YOU ARE HERE: LAT HomeCollections
(Page 2 of 2)

A new brand of cyber security: hacking the hackers

Irvine start-up CrowdStrike is pioneering a confrontational approach to cyber security. It identifies hackers and uses their own techniques to prevent theft.

December 04, 2012|By Ken Dilanian, Los Angeles Times

"You don't want the Internet to resemble Somalia," said one cyber expert who did not want to be identified because it could jeopardize his friendships with CrowdStrike's founders.

Some experts believe CrowdStrike and other companies should be able to "hack back" by, for example, disabling servers that host cyber attacks, whether they are in the U.S. or abroad.

The Justice Department said hacking back may be illegal under the Computer Fraud and Abuse Act, a 1996 law that prohibits accessing a computer without authorization. Many lawyers liken it to the principle that a person can't legally break into his neighbor's house, even if he sees his stolen television in the neighbor's living room.

"We will not break the law, but there's a lot organizations can do behind their own firewall on their own networks to make life difficult for the adversary," Henry said.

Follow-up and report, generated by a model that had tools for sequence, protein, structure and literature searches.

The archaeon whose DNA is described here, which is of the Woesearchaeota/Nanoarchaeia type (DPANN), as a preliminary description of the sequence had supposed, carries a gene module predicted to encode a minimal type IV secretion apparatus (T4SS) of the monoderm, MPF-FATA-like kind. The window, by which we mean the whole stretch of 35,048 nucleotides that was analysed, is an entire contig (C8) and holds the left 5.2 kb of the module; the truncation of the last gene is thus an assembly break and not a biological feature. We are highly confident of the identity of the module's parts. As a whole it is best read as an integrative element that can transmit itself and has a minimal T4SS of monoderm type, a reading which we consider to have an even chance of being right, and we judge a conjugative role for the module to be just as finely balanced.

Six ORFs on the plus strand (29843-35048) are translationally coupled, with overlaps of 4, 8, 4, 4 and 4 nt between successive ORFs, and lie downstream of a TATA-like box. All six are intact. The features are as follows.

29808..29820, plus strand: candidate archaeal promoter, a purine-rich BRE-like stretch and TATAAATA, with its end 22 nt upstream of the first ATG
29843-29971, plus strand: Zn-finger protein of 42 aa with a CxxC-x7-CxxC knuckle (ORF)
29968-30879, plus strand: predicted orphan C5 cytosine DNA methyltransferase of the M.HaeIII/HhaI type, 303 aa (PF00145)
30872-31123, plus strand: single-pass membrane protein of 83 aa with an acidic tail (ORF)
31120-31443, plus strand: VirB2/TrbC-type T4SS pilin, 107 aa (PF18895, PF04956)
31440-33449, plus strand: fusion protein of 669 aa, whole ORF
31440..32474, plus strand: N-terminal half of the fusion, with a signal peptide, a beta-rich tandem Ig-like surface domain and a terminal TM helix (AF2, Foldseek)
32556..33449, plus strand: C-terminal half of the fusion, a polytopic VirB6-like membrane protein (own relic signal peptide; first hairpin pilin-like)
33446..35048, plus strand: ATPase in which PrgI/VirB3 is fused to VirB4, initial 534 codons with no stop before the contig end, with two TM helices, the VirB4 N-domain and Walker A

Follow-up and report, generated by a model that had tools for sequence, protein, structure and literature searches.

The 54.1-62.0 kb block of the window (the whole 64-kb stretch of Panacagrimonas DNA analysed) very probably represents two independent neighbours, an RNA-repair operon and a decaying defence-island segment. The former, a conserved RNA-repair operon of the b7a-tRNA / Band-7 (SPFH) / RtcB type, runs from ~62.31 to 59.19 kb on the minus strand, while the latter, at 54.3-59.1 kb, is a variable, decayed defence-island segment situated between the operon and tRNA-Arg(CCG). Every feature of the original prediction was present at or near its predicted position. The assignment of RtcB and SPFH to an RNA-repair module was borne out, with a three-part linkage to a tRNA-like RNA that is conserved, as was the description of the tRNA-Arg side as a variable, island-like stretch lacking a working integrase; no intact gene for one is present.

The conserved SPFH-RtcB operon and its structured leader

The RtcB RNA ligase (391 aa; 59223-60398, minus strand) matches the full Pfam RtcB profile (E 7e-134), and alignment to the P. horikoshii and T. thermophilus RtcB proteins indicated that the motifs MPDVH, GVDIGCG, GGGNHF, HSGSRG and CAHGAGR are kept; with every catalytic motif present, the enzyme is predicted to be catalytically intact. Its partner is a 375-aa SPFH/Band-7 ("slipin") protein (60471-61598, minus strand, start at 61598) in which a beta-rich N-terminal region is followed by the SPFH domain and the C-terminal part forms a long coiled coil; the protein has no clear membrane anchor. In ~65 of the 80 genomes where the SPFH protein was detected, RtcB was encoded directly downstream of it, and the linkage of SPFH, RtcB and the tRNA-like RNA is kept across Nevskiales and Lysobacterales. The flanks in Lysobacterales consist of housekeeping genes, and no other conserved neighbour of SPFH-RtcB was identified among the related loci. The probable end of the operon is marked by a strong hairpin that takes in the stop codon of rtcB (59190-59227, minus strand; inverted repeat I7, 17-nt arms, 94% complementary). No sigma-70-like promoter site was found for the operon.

Others, including Stewart Baker, former NSA general counsel, said the law does allow hacking back in self-defense. A company that saw its stolen data on a foreign server was allowed to retrieve it, Baker argued.

In the post 9/11 world, airline passengers would almost certainly tackle and restrain an unruly passenger who rushed the cockpit, and they wouldn't be charged with assault and kidnapping even though they technically had committed those offenses, said Steven Chabinsky, who retired this year as the FBI's top cyber lawyer and became CrowdStrike's chief risk officer.

But it's different when you are breaking into someone else's property, said Daimon Geopfert, a former Air Force cyber crimes investigator who now heads cyber security services for consulting firm McGladrey in Chicago.

Often, he said, servers that host cyber attacks belong to innocent third parties that have themselves been hacked. "It's not only legally wrong, it's morally wrong," he said.

Critics also worry that to the extent CrowdStrike runs offensive operations against hackers controlled by the Russian or the Chinese governments, it risks creating an international incident.

"Why isn't it an international incident when China steals our intellectual property?" Alperovitch said. "If the government would say, 'We're actually going to stand up to China,' that would be great; we'd go back to doing defense only. But they are not saying that."

Los Angeles Times Articles